She did make a promise last year that she would try to break out of her shell, just a little. And she prayed that she’d get the courage to do it. As her eleventh birthday draws near, she realizes time is running out. And when a secret recording of her singing leaks and catches the attention of her whole church, she needs to decide what’s better: deceiving everyone by pretending it belongs to someone else, or finally stepping into the spotlight.

FIVE THINGS I LIKED ABOUT:  THE SWEETEST SOUND

by Sherri Winston

  1. Cadence also wants to be an author. Frequent references to authors and books was an enjoyable sidelight.
  2. I liked Junior, her older athletic half brother. He’s already a shining football star, but adults are making decisions for him that he’s not so sure he wants. A very lifelike occurrence.
  3. Though a small part, Jones has a character arc many young people will appreciate.
  4. References to Mariah Carey, Whitney Houston and many talented gospel singers will supply familiarity to music loving readers.
  5. It was a nice surprise to read about a black family and not have it be about race. A different tune indeed, and one that shows so much more about getting along.

FAVORITE LINE

…Living with Daddy and Junior, I’d learned that almost anything could be settled between men with football. And the right snacks.

ABOUT THE AUTHOR

Sherri Winston not only can write but she makes a mean bowl of tomato soup. Check out her recipe here!

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Coming up next week is another…
If you would like to join in the MMGM fun, all you have to do is blog about a middle grade book on a Monday (contests, author interviews and whatnot also count–but are most definitely not required) and email me the title of the book you’re featuring and a link to your blog at gpcolo (at) gmail (dot) com
 (Make sure you put MMGM or Marvelous Middle Grade Monday in the subject line so it gets sorted accurately–and please don’t forget to say what book you’re featuring) You MUST email me your link by Sunday evening (11 PM Eastern Time) in order to be included in the list of links for the coming Monday.
Thanks for spreading the middle grade love and for being a part of this awesome tradition begun by Shannon Messenger and carried on here at ALWAYS in the MIDDLE! (CLICK HERE FOR PAST MMGM POSTS)
*Please note: these posts are not a reflection of my own opinions on the books featured. Each blogger is responsible for their own MMGM content and I do not pre-screen reviews ahead of time, nor do I control what books they choose. I simply assemble the list based on the links that are emailed to me.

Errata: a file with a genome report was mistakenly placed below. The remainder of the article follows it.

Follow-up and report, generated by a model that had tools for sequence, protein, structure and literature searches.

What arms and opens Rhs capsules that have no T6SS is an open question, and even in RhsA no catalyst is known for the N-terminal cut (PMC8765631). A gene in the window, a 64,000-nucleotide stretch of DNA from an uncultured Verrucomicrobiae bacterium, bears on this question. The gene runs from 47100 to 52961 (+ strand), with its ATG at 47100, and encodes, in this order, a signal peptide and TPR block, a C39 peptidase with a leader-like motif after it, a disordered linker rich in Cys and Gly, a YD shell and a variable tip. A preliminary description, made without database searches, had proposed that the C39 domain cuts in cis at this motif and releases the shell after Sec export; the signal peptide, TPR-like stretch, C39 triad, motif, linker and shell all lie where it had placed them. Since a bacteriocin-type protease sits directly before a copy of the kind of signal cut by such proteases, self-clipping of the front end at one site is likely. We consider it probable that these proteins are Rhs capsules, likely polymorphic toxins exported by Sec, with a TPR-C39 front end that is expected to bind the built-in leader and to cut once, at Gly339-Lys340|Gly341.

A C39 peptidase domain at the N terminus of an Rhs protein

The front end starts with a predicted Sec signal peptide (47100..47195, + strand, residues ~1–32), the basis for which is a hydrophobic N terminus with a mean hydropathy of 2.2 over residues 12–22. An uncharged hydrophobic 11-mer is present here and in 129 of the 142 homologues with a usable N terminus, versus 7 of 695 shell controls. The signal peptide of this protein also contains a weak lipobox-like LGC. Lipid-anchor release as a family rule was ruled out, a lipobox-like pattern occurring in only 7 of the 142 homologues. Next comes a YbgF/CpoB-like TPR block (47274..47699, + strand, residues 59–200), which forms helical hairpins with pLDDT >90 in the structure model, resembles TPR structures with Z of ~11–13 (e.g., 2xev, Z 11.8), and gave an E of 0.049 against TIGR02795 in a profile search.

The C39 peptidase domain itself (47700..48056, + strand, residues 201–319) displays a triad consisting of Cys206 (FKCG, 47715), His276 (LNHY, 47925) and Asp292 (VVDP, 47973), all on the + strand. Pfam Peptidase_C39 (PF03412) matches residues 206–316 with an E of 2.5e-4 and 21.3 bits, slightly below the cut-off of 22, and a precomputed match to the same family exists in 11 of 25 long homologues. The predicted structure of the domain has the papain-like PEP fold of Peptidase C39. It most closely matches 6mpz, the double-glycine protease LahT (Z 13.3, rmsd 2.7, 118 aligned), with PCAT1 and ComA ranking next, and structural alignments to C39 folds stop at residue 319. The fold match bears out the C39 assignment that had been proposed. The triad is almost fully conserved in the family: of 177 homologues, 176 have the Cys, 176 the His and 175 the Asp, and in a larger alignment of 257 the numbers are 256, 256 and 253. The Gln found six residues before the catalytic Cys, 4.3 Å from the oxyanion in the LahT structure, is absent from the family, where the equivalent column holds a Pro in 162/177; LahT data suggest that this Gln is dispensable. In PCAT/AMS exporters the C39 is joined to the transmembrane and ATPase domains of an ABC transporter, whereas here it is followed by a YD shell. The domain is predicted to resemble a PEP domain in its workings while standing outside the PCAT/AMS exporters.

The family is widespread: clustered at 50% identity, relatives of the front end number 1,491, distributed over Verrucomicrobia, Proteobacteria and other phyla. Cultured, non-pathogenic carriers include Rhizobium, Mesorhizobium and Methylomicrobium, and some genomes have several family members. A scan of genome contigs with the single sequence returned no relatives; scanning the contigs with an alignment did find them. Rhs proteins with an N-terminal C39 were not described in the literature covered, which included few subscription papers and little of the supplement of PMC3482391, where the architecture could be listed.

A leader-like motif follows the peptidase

Posted in Middle Grade Book Reviews, Reviews | Tagged , , , | 7 Comments

MMGM for 7/23/18

It’s NATIONAL VANILLA ICE CREAM DAY!
Click a cone to reach each blogger’s post.

Leading the MMGM parade today is writer Patricia Tilton at Children’s Books Heal. She’s features a picture book on Fridays and of course is here each Monday with a MG review. Click on the large vanilla cone to read her newest— A review of Lost! Survivor Diaries by Terry Lynn Johnson.  
Here at ALWAYS in the MIDDLE I have a few thoughts on THE UNEXPECTED LIFE OF OLIVER CROMWELL PITTS by Avi. Read all about this second book in my series on the nurturing of MG Books.
Natalie Aguirre at Literary Rambles has an interview with debut author K.A. Reynolds and a giveaway of her MG fantasy THE LAND OF YESTERDAY.
Author June McRary Jacobs at Reading, Writing and Stitch-Metic has a contemporary fiction feature on a very moving book, ‘From You to Me’, by Author K.A. Holt.
Suzanne Warr and Tales from the Raven spotlights The Very Little Princess, by Marion Dane Bauer.
Scribbles of an Aspiring Author, Kara Armstrong, reviews The Mark of the Dragonfly, by Jaleigh Johnson.
Joanne Fritz at My Brain on Books returns this week with a review of THE GIRL WITH MORE THAN ONE HEART by Laura Geringer Bass.
Karen Yingling always has great MMGM picks. Be sure to read her review today along with the many other choices she posted the past week.
If you would like to join in the MMGM fun and get your own spot in the parade, all you have to do is blog about a middle grade book you love on a Monday (contests, author interviews and whatnot also count–but are most definitely not required) and email me the title of the book you’re featuring and a link to your blog at gpcolo (at) gmail (dot) com by 11 PM Eastern Time.
(Make sure you put MMGM or Marvelous Middle Grade Monday in the subject line so it gets sorted accurately–and please don’t forget to say what book you’re featuring)
You MUST email me your link by Sunday evening (11 PM Eastern Time) in order to be included in the list of links for the coming Monday.
Thanks for spreading the middle grade love and for being a part of this awesome tradition begun by Shannon Messenger and carried on here at ALWAYS in the MIDDLE! (CLICK HERE FOR PAST MMGM POSTS)
*Please note: these posts are not a reflection of my own opinions on the books featured. Each blogger is responsible for their own MMGM content and I do not pre-screen reviews ahead of time, nor do I control what books they choose. I simply assemble the list based on the links that are emailed to me.
Posted in Uncategorized | 1 Comment